Korean lesson on the role of the laity   
September 29, 2017
Sr Anne Marie lived the Gospel by example
September 29, 2017

A concept to live by: People are people and they aren’t all bad

It’s another rainy afternoon in Port of Spain with the typical goose-stepping over streams on the pavements, and mighty leaps (which inevitably fail) over rushing water in shallow drains.

A mother and her close-to-three-year-old daughter enter the backseat of a taxi I was eventually forced to take. The little girl was dressed in a pink-and-white-checkered pinafore dress with large bows in her hair. She bravely clambered in before her mom, and lisped, “ ‘fternoon, auntie”.

Almost lost between the two adults, she looked up unblinkingly into my face in that direct way little ones have, then popped her thumb into her mouth. Her mom stared out into the rain. As expected, her daughter’s eyelids began to droop and soon she cuddled against my arm fast asleep.

Her mom glanced around. “Oh gawd, sorry!” she laughed, and leaned across to shift her. “Nah, it’s okay. Leave her. She’s sleeping.” As we approached the taxi stand the mother awakened her, and the child went from sleeping to extremely awake in a matter of moments. As she hopped out the taxi, she turned and said, “Auntie, I gorn!”

I chuckled to myself thinking how simple and sweet interactions could be if only we met people, well, as people, unfiltered by prejudices or our own baggage.

It was a pleasant surprise to discover, when I began the life of a commuter, how polite most people were when entering a public transport vehicle. Almost everyone who entered said, “Good morning” or “Good afternoon” and I have seen small acts of kindness done: heavy bags held for the elderly, doors opened and closed for people entering and exiting, and drivers who wish you “a blessed day”.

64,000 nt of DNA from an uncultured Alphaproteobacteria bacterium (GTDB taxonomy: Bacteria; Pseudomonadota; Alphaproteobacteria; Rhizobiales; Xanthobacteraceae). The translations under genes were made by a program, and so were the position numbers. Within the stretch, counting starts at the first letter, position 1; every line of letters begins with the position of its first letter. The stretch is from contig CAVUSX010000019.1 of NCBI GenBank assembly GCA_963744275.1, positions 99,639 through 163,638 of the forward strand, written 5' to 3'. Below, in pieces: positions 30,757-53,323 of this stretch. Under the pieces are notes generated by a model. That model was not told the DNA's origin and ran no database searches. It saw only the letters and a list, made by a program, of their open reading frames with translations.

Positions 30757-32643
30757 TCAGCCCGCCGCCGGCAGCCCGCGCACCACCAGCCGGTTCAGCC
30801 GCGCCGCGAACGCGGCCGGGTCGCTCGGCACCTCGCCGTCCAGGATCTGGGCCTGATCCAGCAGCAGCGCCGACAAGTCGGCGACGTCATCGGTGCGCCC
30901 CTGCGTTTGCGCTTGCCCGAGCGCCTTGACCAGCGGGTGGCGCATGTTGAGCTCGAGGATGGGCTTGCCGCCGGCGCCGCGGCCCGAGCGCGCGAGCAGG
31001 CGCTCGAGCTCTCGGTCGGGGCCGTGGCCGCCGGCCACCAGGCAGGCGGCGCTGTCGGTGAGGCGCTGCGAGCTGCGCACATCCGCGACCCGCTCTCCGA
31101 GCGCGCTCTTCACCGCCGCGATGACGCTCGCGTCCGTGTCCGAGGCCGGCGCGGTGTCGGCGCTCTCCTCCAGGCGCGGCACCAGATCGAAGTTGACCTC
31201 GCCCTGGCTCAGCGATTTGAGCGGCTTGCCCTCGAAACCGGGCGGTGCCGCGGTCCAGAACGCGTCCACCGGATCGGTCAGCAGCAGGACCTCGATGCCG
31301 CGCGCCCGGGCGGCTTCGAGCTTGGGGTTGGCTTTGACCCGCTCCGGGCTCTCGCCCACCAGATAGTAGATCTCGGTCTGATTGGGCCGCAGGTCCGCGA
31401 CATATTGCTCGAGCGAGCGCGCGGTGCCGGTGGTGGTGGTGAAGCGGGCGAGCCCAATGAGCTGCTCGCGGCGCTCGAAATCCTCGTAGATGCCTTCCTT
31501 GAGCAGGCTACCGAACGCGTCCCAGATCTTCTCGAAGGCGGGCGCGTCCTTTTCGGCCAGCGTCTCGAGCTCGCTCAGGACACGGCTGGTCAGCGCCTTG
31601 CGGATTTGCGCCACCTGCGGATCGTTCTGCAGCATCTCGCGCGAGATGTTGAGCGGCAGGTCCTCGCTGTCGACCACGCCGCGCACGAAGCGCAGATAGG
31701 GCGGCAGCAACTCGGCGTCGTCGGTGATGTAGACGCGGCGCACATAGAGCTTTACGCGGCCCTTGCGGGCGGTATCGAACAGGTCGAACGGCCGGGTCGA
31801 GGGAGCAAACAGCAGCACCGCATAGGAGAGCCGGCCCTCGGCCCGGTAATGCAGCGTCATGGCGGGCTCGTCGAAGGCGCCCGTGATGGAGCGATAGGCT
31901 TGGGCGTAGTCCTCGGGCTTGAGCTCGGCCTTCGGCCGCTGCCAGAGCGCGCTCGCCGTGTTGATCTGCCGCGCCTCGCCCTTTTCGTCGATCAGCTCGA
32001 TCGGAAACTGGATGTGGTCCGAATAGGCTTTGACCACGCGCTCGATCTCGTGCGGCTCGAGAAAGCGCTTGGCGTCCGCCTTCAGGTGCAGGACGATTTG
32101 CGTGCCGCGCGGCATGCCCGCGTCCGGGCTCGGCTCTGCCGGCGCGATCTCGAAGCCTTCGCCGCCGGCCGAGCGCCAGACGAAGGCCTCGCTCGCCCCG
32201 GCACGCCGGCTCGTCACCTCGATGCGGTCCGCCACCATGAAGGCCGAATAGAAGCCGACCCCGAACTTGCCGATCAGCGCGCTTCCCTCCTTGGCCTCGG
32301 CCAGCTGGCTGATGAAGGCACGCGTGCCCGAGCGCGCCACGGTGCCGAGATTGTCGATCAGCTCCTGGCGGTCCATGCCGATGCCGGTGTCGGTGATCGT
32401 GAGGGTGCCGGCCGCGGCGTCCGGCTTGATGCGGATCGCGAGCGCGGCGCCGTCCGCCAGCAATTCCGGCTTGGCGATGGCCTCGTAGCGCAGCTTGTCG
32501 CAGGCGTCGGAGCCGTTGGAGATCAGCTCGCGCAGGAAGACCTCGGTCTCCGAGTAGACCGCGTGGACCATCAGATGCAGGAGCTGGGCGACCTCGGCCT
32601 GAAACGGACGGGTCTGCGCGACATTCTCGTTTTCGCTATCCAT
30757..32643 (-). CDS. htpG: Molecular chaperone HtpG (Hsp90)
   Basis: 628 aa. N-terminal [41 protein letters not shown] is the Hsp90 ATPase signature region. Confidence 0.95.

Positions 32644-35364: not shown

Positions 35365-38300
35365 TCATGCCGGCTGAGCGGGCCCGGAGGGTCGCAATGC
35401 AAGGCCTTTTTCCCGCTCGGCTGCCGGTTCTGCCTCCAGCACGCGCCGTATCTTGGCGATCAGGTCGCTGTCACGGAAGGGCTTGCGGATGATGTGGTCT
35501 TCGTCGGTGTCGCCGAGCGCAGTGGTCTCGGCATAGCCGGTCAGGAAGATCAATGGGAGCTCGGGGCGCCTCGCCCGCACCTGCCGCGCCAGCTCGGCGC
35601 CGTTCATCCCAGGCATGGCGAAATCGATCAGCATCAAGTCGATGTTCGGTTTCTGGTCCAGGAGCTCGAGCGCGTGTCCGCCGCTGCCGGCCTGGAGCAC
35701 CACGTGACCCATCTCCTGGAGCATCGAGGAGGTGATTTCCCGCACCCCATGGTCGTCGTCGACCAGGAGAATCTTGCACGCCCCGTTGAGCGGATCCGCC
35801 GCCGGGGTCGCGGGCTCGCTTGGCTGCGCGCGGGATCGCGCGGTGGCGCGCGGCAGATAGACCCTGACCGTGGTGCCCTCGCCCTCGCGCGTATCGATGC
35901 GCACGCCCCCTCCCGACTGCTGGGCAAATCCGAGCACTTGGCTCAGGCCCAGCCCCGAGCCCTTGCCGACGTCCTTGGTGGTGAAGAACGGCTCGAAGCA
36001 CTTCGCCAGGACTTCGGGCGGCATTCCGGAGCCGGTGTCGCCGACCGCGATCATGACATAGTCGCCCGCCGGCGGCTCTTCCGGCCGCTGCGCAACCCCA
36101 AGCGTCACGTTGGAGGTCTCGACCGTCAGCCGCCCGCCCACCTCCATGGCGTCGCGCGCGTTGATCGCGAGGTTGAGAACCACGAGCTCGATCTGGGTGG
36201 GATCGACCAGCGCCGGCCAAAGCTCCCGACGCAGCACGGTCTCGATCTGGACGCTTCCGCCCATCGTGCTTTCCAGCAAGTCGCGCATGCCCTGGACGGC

An elderly man fell heavily onto the pavement as he came off a maxi, and curled on his side, unable to find the momentum to get up. Two men immediately rushed to his assistance, one about his age, in his late sixties he looked like, and a young man in his early twenties. They helped him up, and ensured that he was steady on his feet before they left. The maxi driver did not move until he was sure that the old man was fine.

Then there is the random eye contact made with strangers while walking. These particularly intrigue me because it’s not the casual glance that does not really see you, but a more-than-three-second look as you and the other person are heading in opposite directions in a throng. A polite greeting may result in a smile as you pass each other by. At the very minimum you will get a response.

It makes me think that even in this cynical, and sometimes cruel world there remains a yearning for human warmth and contact. There’s a homeless man who calls me “my love” whenever I greet him. The first time I heard it, and possibly the second…and the third…. I admit, I cringed. But given that it has never moved beyond that, I trust that it is a simple response acknowledging that I don’t pass him by.

Remember that ad, I think in the 80s, with a lovely woman emerging from an insurance building, saying with a radiant smile, “ …because at [name of insurance company] people are people, yuh know what I mean…” A concept to live by: people are people. And they aren’t all bad.

By Simone Delochan